Data: FactSet; Chart: Axios Visuals

Even if the real economy is in shambles, that doesn't mean the stock market can't rise. And U.S. equities look primed for a "Superfecta," Jim Paulsen, chief investment strategist at the Leuthold Group, writes in a note to clients.

What it means: Superfecta is a horse racing term in which a bettor correctly picks the first four finishers in exact order.

  • "And today, the stock market is enjoying its own Superfecta of positive forces which can win in any order — widespread investor fears, an unprecedented policy push, a significant economic bounce from the ‘lockdown recession’ and an economy with so much room for improvement (starting with a double-digit unemployment rate)," Paulsen says.

Driving the news: The S&P rallied 1.24% on Wednesday, and while U.S. lawmakers remain deadlocked on new relief measures, Wall Street analysts remain confident Congress will produce a new bill.

The big picture: "Although the stock market will certainly experience pullbacks, disappointments and corrections along the way, the horses have just begun this race and investors should be wary of cashing in a winning Superfecta ticket too early," Paulsen notes.

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Updated 5 hours ago - Politics & Policy

Coronavirus dashboard

Illustration: Aïda Amer/Axios

  1. Global: Total confirmed cases as of 9 p.m. ET: 20,755,406 — Total deaths: 752,225— Total recoveries: 12,917,934Map.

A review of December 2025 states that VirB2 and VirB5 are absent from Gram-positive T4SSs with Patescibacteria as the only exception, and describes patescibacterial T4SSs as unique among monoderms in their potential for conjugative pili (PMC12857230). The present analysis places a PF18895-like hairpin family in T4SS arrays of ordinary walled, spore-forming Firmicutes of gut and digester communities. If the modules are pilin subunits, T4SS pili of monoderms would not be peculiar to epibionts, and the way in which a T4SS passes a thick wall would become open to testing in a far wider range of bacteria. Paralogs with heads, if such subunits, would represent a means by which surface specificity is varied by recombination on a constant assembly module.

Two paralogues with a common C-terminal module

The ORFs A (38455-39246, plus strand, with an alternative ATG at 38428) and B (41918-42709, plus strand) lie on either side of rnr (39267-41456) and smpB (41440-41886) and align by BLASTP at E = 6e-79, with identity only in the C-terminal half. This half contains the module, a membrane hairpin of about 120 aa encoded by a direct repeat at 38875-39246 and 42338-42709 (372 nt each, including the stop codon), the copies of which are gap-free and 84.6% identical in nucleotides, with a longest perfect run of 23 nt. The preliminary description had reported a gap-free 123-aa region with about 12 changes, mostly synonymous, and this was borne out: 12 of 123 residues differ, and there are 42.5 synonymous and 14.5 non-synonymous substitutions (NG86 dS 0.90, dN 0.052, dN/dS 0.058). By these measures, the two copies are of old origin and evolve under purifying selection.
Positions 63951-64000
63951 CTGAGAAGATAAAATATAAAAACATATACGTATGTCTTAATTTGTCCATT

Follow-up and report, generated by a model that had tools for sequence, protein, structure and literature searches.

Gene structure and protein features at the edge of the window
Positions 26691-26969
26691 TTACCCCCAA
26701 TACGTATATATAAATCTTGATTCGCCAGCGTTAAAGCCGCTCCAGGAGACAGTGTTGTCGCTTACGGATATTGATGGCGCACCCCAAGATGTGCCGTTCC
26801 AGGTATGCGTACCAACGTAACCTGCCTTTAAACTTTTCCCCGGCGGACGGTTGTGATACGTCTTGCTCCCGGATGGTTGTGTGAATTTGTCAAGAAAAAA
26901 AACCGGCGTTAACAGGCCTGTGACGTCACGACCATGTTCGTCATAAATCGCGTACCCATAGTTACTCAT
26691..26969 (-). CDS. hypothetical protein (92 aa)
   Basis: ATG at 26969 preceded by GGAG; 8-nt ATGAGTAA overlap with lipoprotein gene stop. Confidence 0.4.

2. U.S.: Total confirmed cases as of 9 p.m. ET: 5,246,760 — Total deaths: 167,052 — Total recoveries: 1,774,648 — Total tests: 64,831,306Map.
  3. Politics: House Democrats to investigate scientist leading "Operation Warp Speed" vaccine projectMcConnell announces Senate will not hold votes until Sept. 8 unless stimulus deal is reached.
  4. 2020: Biden calls for 3-month national mask mandateBiden and Harris to receive coronavirus briefings 4 times a week.
  5. States: Georgia Gov. Brian Kemp to drop lawsuit over Atlanta's mask mandate.
  6. Business: Why the CARES Act makes 2020 the best year for companies to lose money.
  7. Public health: Fauci's guidance on pre-vaccine coronavirus treatments Cases are falling, but don't get too comfortable.

Trump says he intends to give RNC speech on White House lawn

President Trump speaking to reporters on South Lawn in July. Photo: Jabin Botsford/The Washington Post via Getty Images

President Trump told the New York Post on Thursday that he plans to deliver his Republican National Convention speech from the White House lawn, despite bipartisan criticism of the optics and legality of the location.

Why it matters: Previous presidents avoided blurring staged campaign-style events — like party conventions — with official business of governing on the White House premises, per Politico.

Fauci's guidance on pre-vaccine coronavirus treatments

Illustration: Aïda Amer/Axios

Antibody drugs and various medicine cocktails against the coronavirus are progressing and may provide some relief before vaccines.

The big picture: Everyone wants to know how and when they can return to "normal" life, as vaccines are not expected to be ready for most Americans for at least a year. Two therapies are known to be helpful, and more could be announced by late September, NIAID Director Anthony Fauci tells Axios.